Uber, Lyft and other ride-sharing services can make it easy to get a quick car ride or make some extra income, and they’re only becoming more popular. In fact, in the cities where these platforms are available, taxi ridership has declined anywhere from 10 to 30 percent. However, the convenience of ride-sharing isn’t without risks. Most ride-sharing businesses are in the early stages of development, and the popularity, risk management and compliance issues they’re facing are all in uncharted territory.Read More
Sharing platforms like Uber and Airbnb have brought a new level of convenience and affordability to many of life’s transactions. With the click of a button, you can find a cheap place to stay in a foreign city, rent an unused room in a home, or get a driver to pick you up in the rain. For providers, sharing services offer an easy way to earn extra money.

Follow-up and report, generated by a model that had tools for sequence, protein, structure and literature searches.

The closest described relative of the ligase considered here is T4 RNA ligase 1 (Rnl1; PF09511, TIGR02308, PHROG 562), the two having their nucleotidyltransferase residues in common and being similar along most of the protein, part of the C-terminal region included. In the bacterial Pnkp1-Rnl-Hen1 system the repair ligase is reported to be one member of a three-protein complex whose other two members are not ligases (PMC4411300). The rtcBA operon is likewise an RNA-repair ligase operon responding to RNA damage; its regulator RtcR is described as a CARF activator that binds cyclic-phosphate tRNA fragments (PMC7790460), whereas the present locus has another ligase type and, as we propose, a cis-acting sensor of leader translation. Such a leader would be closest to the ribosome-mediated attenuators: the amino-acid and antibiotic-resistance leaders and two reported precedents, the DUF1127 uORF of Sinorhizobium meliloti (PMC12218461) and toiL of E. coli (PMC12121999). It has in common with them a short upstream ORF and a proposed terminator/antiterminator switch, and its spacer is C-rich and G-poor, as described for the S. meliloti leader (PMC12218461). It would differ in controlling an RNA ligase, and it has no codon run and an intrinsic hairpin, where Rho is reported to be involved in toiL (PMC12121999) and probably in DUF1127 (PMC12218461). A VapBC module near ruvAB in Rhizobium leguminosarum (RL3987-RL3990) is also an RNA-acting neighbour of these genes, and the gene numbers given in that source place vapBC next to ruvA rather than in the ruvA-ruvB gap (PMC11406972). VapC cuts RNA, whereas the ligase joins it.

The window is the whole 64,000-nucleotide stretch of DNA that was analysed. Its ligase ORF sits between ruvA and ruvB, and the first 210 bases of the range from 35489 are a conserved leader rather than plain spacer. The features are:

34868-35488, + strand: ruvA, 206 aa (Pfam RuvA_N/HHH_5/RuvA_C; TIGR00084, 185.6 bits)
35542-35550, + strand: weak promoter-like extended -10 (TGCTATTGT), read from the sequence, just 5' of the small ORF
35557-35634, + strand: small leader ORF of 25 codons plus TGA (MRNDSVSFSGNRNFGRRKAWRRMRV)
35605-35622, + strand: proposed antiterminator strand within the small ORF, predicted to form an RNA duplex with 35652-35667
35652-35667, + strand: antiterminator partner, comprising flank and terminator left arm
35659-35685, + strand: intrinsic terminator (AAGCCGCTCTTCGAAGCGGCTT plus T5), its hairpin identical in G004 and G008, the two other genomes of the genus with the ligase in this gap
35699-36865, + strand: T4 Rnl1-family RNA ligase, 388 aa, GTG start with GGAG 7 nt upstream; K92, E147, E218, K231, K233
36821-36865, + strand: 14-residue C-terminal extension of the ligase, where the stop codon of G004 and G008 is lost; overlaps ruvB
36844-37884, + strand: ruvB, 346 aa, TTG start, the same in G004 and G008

One of the reasons on-demand platforms are so cost-effective is because they operate largely outside existing insurance and regulatory frame-works. “Every one of these activities gives rise to an entire family of potential liabilities,” says Bob Hartwig, professor of risk management and insurance at the University of South Carolina. Insurance experts agree on one thing: People who provide services in the sharing economy often lack adequate protection.
Here’s how to minimize your risk: